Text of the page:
According to my section 5 above, this corresponds to using ~ as a unit of J and S, while
not using c and λs as units of velocity and length.
I also cannot agree that the electron mass, or GF are as good for the role of fundamental
unit as the Planck mass or G.
8. Remarks on Mike’s part III
In section 4 of Mike’s part III he introduces a definition of fundamental constants with the
help of an alien with whom it is possible to exchange only dimensionless numbers. Accord-
ing to Mike, only those constants are fundamental the values of which can be communicated
to the alien. Thus Mike concludes that there exist no fundamental units. According to my
section 5 above, this actually corresponds to the use of c, ~, G as fundamental units.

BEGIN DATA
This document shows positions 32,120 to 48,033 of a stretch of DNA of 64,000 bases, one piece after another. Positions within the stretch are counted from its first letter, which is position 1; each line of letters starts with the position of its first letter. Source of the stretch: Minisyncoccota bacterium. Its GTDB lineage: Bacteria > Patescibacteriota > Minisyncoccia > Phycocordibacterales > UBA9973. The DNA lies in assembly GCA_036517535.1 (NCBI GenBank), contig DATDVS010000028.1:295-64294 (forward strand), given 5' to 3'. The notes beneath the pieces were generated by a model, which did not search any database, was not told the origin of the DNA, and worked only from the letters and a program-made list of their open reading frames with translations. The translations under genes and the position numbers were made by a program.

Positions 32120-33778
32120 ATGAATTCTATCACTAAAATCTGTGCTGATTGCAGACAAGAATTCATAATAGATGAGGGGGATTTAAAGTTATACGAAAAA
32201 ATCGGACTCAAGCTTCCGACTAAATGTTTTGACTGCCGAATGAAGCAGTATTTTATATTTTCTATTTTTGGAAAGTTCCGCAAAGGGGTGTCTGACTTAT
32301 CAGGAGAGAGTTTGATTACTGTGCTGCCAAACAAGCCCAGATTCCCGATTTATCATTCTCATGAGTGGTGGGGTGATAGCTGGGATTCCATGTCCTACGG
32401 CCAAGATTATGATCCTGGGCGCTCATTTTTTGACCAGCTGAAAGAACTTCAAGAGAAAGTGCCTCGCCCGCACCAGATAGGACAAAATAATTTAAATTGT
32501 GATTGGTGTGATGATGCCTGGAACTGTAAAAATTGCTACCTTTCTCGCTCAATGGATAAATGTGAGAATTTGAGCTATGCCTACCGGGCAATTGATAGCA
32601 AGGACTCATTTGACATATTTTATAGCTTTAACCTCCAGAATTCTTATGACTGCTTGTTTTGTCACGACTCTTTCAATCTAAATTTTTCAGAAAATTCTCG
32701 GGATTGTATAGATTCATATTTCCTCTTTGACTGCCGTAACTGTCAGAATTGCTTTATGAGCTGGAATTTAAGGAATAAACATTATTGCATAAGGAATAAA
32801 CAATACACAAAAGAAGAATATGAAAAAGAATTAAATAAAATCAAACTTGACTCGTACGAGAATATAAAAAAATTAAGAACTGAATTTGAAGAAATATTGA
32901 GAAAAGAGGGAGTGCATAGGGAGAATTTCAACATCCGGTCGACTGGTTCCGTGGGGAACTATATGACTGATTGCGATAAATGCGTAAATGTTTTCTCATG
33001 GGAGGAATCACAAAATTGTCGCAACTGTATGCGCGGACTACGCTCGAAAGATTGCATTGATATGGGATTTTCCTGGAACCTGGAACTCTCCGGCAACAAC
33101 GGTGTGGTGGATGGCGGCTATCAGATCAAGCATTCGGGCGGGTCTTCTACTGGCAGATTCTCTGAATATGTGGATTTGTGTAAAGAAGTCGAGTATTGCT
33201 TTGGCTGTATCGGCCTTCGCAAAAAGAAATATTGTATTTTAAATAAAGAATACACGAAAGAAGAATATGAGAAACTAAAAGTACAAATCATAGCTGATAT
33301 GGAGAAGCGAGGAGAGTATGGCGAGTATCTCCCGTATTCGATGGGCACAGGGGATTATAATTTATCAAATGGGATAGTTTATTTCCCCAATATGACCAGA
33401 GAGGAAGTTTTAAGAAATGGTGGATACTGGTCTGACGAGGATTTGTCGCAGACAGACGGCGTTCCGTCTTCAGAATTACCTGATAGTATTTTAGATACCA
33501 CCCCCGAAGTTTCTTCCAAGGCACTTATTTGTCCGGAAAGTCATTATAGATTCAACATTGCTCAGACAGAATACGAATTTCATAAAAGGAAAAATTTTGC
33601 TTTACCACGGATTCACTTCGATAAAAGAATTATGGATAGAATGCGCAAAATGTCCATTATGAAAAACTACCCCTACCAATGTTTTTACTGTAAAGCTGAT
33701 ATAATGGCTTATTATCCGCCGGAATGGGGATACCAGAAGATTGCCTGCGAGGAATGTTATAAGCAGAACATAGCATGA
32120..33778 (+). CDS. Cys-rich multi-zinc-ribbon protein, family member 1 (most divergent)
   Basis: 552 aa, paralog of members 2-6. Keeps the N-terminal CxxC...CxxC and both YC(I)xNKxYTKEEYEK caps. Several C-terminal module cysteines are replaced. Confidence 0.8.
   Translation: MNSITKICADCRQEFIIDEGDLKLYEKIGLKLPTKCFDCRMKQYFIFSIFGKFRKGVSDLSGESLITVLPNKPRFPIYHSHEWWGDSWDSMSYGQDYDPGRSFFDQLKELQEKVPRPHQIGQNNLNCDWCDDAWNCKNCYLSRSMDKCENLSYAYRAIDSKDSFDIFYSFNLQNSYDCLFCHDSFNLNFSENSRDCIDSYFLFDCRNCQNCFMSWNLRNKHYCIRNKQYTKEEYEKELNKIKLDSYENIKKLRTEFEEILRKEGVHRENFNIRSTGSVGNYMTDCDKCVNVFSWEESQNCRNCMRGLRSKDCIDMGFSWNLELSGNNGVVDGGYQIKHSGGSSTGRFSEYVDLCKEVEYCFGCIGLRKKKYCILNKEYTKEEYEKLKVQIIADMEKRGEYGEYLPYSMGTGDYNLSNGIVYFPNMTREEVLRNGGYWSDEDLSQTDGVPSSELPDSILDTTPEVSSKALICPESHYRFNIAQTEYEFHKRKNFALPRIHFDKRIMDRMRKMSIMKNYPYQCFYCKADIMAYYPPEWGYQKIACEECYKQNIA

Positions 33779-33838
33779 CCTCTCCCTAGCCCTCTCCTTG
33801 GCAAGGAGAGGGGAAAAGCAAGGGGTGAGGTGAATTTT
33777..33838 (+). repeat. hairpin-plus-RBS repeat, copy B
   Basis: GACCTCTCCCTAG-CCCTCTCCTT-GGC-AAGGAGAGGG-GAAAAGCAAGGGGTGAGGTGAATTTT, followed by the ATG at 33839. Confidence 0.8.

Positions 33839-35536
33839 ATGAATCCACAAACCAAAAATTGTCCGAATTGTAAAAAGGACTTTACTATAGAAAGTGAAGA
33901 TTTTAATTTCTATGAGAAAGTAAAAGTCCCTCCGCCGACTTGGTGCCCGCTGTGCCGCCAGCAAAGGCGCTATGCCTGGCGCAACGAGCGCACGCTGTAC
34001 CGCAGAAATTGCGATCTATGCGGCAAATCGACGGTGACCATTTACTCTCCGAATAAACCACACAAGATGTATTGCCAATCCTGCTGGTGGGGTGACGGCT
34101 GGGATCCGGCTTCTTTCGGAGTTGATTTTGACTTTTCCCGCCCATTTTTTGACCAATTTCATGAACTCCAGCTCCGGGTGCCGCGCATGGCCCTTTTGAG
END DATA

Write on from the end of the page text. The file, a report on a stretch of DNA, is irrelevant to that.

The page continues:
In fact, at the end of section 2 Mike writes “that the most economical choice is to
use natural units where there are no conversion factors at all.” Mike explained to me that
his natural units are c = ~ = G = 1. As these equalities cannot be considered literally, I
believe that Mike uses the same three units as I do. However he concludes section 2 with
a statement: “Consequently, none of these units or conversion factors is fundamental.”
(In response to the above paragraph Mike added a new paragraph to his section 2, in
which he ascribed to me the view that one cannot put c = 1. According to my section 5,
– 7 –
JHEP03(2002)023
one can (and should!) put c = 1 in relativistic eqations, but must understand that this
means that c is chosen as the unit of velocity.)
The “alien definition” of fundamental constants is misleading. We, theorists, commu-